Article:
Hospital agrees on air evacuation protocols
A memorandum of agreement finalized Feb. 14 among the Coast Guard, Boston MedFlight, Martha's Vineyard Hospital, and Nantucket Cottage Hospital describes the Coast Guard's role in providing medical transfers from the island hospitals to the mainland.
The agreement is designed to improve communication and coordination between Boston MedFlight, a private air ambulance service, the Coast Guard, and the hospitals when medical transfers are needed. It places reliance on the Coast Guard only for the most serious incidents and when there are no other alternative services available.
According to a Coast Guard press release, "The agreement does not change the long-standing practice of the Coast Guard providing this life-saving service to Cape Cod's island residents."
An HH60 Jayhawk Coast Guard helicopter set down Saturday morning on the landing pad behind Martha's Vineyard Hospital. The helo and crew, including the crewman shown above, were part of the health fair held at the hospital. Photo by Ralph Stewart
Boston MedFlight transports more than 400 patients a year off the islands. Approximately two-thirds of the transports occur by helicopter, and the remaining by jet, according to the Coast Guard.
Occasionally weather conditions exceed the criteria under which Boston MedFlight may provide services to the islands. However, Federal Aviation Administration regulations are waived for the Coast Guard in emergency cases.
The Medevac agreement states that emergency medical service coordinators may request Coast Guard assistance to transport patients needing emergency medical services from one medical facility to another. "Such requests shall be limited to serious incidents in which Coast Guard facilities appear to be the most feasible means of providing the required assistance," reads the agreement. "Competition with private ambulance services, including air ambulance services, will be avoided."
Both hospitals agree to provide specialized medical equipment and personnel needed for medical care during the transport.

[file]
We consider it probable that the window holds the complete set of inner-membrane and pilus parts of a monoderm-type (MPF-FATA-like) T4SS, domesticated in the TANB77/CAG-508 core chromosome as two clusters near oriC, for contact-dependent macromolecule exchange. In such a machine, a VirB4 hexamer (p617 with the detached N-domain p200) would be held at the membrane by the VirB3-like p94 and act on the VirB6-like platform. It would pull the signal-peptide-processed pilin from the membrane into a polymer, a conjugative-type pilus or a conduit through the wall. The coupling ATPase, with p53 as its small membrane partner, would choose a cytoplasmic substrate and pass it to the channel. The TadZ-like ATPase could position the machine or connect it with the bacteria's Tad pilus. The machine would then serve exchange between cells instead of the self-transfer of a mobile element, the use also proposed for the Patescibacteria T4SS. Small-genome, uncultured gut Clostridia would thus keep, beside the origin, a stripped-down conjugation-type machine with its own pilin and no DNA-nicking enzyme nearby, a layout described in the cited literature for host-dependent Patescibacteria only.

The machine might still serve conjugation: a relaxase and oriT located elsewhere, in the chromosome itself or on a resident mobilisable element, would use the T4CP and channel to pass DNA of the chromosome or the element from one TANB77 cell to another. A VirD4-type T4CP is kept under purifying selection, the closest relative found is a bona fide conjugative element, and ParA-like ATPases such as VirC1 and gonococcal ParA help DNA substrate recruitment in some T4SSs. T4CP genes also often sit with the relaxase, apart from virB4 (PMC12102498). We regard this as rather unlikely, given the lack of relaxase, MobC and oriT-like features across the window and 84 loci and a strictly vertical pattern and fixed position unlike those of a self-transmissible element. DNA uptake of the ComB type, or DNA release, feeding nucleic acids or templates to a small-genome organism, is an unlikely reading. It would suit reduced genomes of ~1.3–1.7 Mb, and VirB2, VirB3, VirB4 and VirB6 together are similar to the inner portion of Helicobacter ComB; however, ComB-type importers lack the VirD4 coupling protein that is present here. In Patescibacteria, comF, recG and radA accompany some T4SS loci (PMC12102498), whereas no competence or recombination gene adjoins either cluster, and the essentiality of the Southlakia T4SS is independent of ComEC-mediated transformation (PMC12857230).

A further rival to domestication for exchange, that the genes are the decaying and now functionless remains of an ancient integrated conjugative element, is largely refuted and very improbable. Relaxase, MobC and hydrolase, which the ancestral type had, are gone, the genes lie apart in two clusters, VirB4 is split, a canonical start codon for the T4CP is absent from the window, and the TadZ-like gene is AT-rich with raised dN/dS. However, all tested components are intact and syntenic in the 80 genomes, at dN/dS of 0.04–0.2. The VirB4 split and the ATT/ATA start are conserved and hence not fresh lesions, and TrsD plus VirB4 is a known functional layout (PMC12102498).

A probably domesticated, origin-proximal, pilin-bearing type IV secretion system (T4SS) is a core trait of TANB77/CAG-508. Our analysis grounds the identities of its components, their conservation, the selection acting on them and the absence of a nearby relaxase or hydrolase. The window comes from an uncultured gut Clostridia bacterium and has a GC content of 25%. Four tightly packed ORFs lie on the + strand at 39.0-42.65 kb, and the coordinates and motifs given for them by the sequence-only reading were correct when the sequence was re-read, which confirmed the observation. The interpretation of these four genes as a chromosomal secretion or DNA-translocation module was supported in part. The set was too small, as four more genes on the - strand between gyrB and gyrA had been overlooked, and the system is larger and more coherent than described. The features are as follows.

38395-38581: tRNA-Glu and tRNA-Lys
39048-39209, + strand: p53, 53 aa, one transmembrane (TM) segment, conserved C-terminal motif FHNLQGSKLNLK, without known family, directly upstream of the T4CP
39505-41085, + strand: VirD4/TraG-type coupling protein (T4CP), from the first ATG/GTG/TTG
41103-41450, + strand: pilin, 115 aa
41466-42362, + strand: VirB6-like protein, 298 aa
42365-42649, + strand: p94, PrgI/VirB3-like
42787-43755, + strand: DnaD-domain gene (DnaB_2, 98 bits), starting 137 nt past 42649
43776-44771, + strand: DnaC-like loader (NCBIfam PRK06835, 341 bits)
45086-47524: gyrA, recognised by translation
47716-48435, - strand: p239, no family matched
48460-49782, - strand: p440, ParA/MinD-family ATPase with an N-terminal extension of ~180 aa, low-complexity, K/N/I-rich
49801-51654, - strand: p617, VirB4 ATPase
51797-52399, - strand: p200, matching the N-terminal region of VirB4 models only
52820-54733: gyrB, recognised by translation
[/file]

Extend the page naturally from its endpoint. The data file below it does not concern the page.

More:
The agreement also provides for annual familiarization visits for all parties.
Andy Farkas, MedFlight chief operations manager, said there is nothing new in the memorandum. He said MedFlight has a very open and cooperative relationship with the Coast Guard.
He said the underlying purpose is to avoid tying up Coast Guard assets needed for search and rescue missions in cases where the patient may be able to wait for a MedFlight once the weather clears.
Dr. Tim Tsai, Martha's Vineyard Hospital director of emergency services, said that Coast Guard transfers, either by jet or helicopter, are few in number. MedFlight is available most of the time, he said.
Advanced life support transfers are possible by ground but are limited by the availability of personnel and transport off the Vineyard. The Coast Guard is the transport service of last resort, said Dr. Tsai.
"They come under the most adverse conditions for the most critically ill patients. However, medical transports are one among a number of missions, including search and rescue. The difficult choice for them and for the emergency department," said Dr. Tsai, "arises simply because the conditions which preclude the arrival of MedFlight and necessitate asking for a transport from the Coast Guard, are the same conditions which would prompt the Coast Guard to put a helicopter on standby for a rescue at sea ... still, the service they provide is without question, vital to us. They come in the most dangerous conditions for the sickest patients."